If I hadn’t been busy raising a family, I would’ve helped Dad find an urn manufactured here in the USA. I found a company online called Urns of Wood. “Family and Veteran Owned.” All handcrafted of wood. All Made in the USA. All just as affordable as my Dad’s Made in India urn.
I’m soothing myself by recalling that India emulates Hollywood, wants to be Hollywood. That Bollywood is, after all, only one letter from Hollywood. One letter from the city where Dad put copper pennies on railroad tracks, grew up, and made movies. But one letter makes all the difference, doesn’t it?
I just received an email reply from Tom Wozniak, president of Terrybear Urns & Memorials. He explained that Terrybear has built strong partnerships in both China and India. His goal is to have “long-term, trusting, and mutually beneficial partnerships.” He personally visits the factories on a regular basis. The employees are artisans and craftsmen whose skill has been passed on from generation to generation. They are well-paid and work in “proper factory conditions.”
In talking to Mr. Wozniak by phone, he verified that Dad’s urn was made in northern India, using a technique that’s done no where else in the world. He stressed that the urn is one of a kind. That even using the term “factory” is misleading. It’s really more of a cottage industry. “It was made by hand,” Mr. Wozniak explained. “By an artisan.” I must admit, Dad’s urn was beautiful. Sleek and elegant.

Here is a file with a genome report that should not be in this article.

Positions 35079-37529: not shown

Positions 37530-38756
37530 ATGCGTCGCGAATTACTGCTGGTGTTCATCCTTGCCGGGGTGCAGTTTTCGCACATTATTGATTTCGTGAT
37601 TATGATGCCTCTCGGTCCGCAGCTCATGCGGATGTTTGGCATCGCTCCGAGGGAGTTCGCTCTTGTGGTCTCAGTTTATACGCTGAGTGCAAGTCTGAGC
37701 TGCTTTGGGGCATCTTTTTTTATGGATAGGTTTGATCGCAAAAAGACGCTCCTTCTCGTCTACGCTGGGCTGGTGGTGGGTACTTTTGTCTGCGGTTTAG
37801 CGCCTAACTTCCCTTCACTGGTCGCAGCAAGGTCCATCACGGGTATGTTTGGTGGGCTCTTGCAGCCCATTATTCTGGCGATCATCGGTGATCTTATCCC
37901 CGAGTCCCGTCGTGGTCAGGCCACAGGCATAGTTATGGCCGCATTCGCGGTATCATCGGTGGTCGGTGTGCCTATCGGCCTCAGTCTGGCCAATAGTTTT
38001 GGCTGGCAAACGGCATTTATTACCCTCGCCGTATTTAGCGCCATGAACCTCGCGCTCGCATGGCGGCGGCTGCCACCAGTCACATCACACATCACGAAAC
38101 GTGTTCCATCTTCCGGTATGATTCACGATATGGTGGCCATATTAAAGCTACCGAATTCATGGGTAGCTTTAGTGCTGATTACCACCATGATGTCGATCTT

But on to the larger point: how about building a Terrybear Urns & Memorials factory–er, cottage–there at the company headquarters in St. Paul, Minnesota? Bet there are talented artisans and craftspeople aplenty, eager for steady work, up to the task of creating brass cremation urns. And then no one from the company would have to take those long plane flights to China or India anymore to check up on the factory conditions. More family time. More time to watch the snow fall. It’s 8 degrees there today. Put a few logs on the fire and stay home.